[Viewpoint]Hybrid politics

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[Viewpoint]Hybrid politics

In ideological terms, President Lee Myung-bak has become a minority political leader.

He won fewer votes than his predecessor, Roh Moo-hyun, in 101 out of 248 constituencies throughout the country. The conservatives united strongly for the 17th presidential election last December to regain the political initiative, yet the result was not that convincing.

In an early 2006 opinion poll, 39.1 percent of Koreans supported the conservatives, while 28.6 percent said they were progressives and 32.3 percent, middle-of-the-road.

The number of votes won by Chung Dong-young, the United Democratic Party presidential candidate who earned 26.1 percent of the vote in the 2007 presidential election, and Kwon Young-gil, the Democratic Labor Party candidate, was almost par with 28.6 percent ?? the proportion of progressives in the poll.

However, of the remaining 71.3 percent, votes by conservatives and middle-of-the-roaders went to Lee Myung-bak and Lee Hoi-chang: 48.7 percent to the former and 15.1 percent to the latter.

In other words, both conservatives and middle-of-the-roaders voted for President Lee.

What does that mean? President Lee didn’t get the full support of the conservative vote.

President Lee’s campaign advisers realized the problem during the presidential race.

A passage in the book “The Seven Marketing Secrets that Made a President” by a presidential adviser goes: “If you cook delicious food and the smell of the dishes spreads not only throughout the house but also across the mountains, the house rabbit will not leave the house even if the door is open. Not only that, mountain rabbits will gather round the house, too.”

This fable suggests that two different species ? the conservative vote (the house rabbit) and the middle-of-the-road vote (mountain rabbits) ? became one.

After all, 48.7 percent of the vote was the direct result of consolidating conservative support through the Grand National Party brand and attracting middle-of-the-road consumers through the new pragmatism brand.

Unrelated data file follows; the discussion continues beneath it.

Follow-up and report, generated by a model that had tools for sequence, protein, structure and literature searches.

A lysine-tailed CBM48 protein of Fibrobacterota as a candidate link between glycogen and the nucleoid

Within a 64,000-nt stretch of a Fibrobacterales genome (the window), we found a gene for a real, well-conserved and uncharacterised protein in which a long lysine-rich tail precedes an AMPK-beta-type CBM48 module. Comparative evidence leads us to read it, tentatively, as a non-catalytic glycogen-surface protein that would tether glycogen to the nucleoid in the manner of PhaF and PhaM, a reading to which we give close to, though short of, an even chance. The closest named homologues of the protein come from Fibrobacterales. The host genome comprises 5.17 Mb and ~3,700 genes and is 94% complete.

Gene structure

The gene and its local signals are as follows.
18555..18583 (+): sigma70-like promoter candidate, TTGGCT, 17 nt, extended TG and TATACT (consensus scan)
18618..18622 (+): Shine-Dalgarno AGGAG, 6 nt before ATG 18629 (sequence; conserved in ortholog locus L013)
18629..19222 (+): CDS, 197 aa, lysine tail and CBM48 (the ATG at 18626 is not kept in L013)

This hybrid political grouping helps explain President Lee’s lack of ideological affiliation. Remember, he admitted, “I am not a conservative,” at the Blue House when he met United Democratic Party Chairman Sohn Hak-kyu on May 20.

In Korean politics, ideological orientation lies dormant during calmer weather, but the rain clouds of conflicting social issues provide fertile soil for ideological battles to prosper.

It is probably fair to say, then, that the true nature of “minority politician Lee Myung-bak” has been exposed during the chaos surrounding the U.S. beef import saga.

His administration has become a target to be “overthrown” by progressives, and is being criticized as incapable by conservatives.

Even middle-of-the-roaders who admire Lee’s pragmatism are skeptical about his economic skills.

Presidential aides say Lee’s approval rating has reached its lowest point, but his ratings could sink further. He lacks the kind of stable fan club that buoyed former President Kim Dae-jung, who could rely on the Jeolla provinces, or former President Roh Moo-hyun’s progressives.

The road back to the momentum of December 2007 is long and hard.

It seems there are impatient people around the president who have started to say, “There is no choice. Let’s just catch the house rabbit to be sure.” This is necessary, but not sufficient.

If the president wants to regain the approval ratings he enjoyed six months ago, he should acknowledge that he is a minority who must work hard to unite the 48.7 percent who supported him in the election.

Political power should begin with sharing authority. Right after the presidential election, I asked Lee’s aides, “What is President Lee Myung-bak’s Achilles’ heel?” They all said, “He doesn’t know politics or diplomacy very well.” If that is the case, there is no need to hold so tightly to politics. Lee just has to delegate authority, saying, “You are the president of politics,” and “You are the president of diplomacy.”

Authority doesn’t flesh itself out because you maintain a firm grip; the power you let loose can become a source of greater power.

Authority can be given away, and the president can evaluate its performance.

That is CEO-type leadership.

But there is something the president should do: He should devote himself to his own expertise, something no one else can do in his place. After all, he was not elected president because he knows politics well or has good diplomatic skills.

In addition, we must give government officials room to breathe. The morale of our civil servants is so low that there is a rumor in government circles that the entire officialdom and state apparatus is in crisis.

This country has had enough crises to last us a while.

*The writer is the deputy political news editor of the JoongAng Ilbo.

by Park Sung-hee
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